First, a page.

PHILADELPHIA – Call it a race to the finish line with the prize being the ability to fork over $50 million or so per season to an emerging star at the quarterback position.
Massive extensions are coming for Jalen Hurts, as well as Cincinnati’s Joe Burrow and the LA Chargers’ Justin Herbert, the marquee names eligible for extensions this offseason for the first time. Miami’s Tua Tagavailoa is also in that category but troubling concussion concerns make his future a little murkier.
While none of the organizations in this equation will be getting off easily from a financial perspective, there is a sense of urgency to get things done because the subsequent contracts will be using the first domino as a launching point to go higher.
The Eagles understand this better than most and try to be proactive in most circumstances. Former team president Joe Banner predicted a Hurts extension would be anywhere from $47 million to $52 million when it came to average annual value with the guaranteed money using Kyler Murray’s $189.5 million as the starting point for negotiations.
Spotrac.com’s valuation of Hurts’ next deal is a little bit lighter at six years and $265,373,424 million, an AAV of $44.2M.
Whoever goes first could become the highest-paid player in NFL history for a short time until the next trumps it.
Hurts is the only one in the conversation who wasn’t a first-round pick and has only one season left on his rookie deal which should add a layer to the Eagles’ urgency vs. the Bengals and Chargers, who each have the luxury of the fifth-round option to play with. Of course, Hurts has also yet to make really big money because of his draft pedigree so going the Lamar Jackson betting-on-one’s-self route becomes more difficult without the significant salary spike the fifth-year option for first-round selections provides.
For now, Hurts is scheduled to make $4,303,000 in 2023, a nice bump from the $1.15M he made as the runner-up to MVP Patrick Mahomes this season but it’s self-evident why the QB1 would also like to get something down this offseason.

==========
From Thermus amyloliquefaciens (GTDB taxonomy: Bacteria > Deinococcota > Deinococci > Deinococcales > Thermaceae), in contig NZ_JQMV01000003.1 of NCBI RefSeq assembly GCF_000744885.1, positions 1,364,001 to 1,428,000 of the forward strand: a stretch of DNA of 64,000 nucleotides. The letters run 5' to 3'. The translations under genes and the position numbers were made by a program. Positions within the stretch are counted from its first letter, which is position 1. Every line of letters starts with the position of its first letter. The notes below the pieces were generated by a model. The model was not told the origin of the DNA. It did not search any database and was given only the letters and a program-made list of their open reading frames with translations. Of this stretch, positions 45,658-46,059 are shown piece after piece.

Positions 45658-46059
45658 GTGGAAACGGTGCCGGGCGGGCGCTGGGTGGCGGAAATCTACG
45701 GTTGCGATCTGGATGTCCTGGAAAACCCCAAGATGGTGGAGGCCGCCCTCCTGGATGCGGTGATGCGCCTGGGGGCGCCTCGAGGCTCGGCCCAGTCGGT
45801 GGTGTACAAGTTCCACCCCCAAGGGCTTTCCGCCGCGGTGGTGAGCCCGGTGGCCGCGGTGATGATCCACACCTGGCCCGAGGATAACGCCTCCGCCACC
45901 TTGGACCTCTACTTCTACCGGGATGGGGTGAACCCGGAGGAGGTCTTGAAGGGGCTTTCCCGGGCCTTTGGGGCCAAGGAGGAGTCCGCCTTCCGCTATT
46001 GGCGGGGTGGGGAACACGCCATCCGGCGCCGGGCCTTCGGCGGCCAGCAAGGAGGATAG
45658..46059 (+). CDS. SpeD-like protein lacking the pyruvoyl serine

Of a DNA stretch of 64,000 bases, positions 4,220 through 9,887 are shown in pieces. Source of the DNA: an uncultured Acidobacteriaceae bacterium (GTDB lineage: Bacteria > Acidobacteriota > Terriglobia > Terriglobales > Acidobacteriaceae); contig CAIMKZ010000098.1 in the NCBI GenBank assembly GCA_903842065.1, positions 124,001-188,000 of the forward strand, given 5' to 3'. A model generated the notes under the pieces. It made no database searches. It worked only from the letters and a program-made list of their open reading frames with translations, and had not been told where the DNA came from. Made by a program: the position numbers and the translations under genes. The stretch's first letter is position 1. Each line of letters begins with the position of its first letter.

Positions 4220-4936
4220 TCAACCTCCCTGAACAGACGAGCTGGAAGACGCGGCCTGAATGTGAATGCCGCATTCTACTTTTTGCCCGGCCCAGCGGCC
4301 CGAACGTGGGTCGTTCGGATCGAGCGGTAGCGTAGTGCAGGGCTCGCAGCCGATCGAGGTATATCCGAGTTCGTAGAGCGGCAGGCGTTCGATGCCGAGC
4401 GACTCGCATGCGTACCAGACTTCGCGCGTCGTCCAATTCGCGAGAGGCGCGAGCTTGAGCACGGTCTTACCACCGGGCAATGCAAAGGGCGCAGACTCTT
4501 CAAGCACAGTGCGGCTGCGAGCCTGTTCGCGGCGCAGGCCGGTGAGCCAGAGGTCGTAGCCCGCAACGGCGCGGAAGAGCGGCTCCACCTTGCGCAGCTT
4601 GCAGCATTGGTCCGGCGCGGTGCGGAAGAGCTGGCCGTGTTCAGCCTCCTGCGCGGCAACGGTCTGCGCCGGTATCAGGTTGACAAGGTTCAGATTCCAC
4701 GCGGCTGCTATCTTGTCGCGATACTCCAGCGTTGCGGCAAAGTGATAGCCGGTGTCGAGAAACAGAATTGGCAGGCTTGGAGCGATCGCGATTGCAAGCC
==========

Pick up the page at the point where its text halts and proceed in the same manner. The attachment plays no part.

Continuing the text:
“Obviously, we want to keep our best players here for the long term,” GM Howie Roseman said when asked about a potential Hurts extension on Thursday. “And he’s certainly one of our best players. So that’s something we’ll keep all the contract talks internal but we’d definitely like to keep Jalen Hurts here long-term.”
At Super Bowl Opening Night owner Jeffrey Lurie said Hurts “had nothing left to prove,” but the star QB did anyway having one of the best big games in history, albeit in a losing effort.
One thing that won’t give the Eagles pause is the last time they were in this position and have Carson Wentz the biggest contract in history at the time of his extension.
“I think each example is on its own. And you’ve got to look at the individual player, and that’s not to be critical to anyone we’ve given a contract to that hasn’t worked out,” said Roseman. “But I think when we talk about Jalen [Hurts], we’re talking about a guy we have tremendous confidence in, a guy that we want to be here for a long time. And so, it will be something that will be a priority for us.”
Whenever the extension comes, it will signal a shift when it comes to roster building, however. As adept as Roseman and VP of Football Administration Jake Rosenberg are at structuring contracts, finding contributors on rookie deals becomes paramount.
“I think we have obviously a large number of free agents that we knew going [into 2022],” Roseman explained. “I think when we looked at this team – and we always look at this team over not just this year but over a period of time – we knew we needed to get additional picks. That’s one of the reasons that we made the trade last year was to make sure we have picks going forward.
“And even though maybe we don’t have the amount of picks this year, we have a bunch of high picks. And then next year, we’re going to have a tremendous amount of picks. We already have two additional picks from two trades that we made.”
Then came the hint.
“And just by the sheer number of the free agents, we’re going to have comp picks next year,” Roseman foreshadowed. “Even if we signed a bunch of guys, we are going to have comp picks next year. So, I think we go into it with that understanding that it’s going to be impossible to keep every single person on this team.
“But we’re here to compete.”
And Roseman understands an NFC Championship one year doesn’t mean anything the next.
“I’ve heard this week, you know, ‘we’ll be back.’ Just because we say it doesn’t mean it. We’ve got to make that happen,” Roseman said. “I take great pride in trying to do my part.”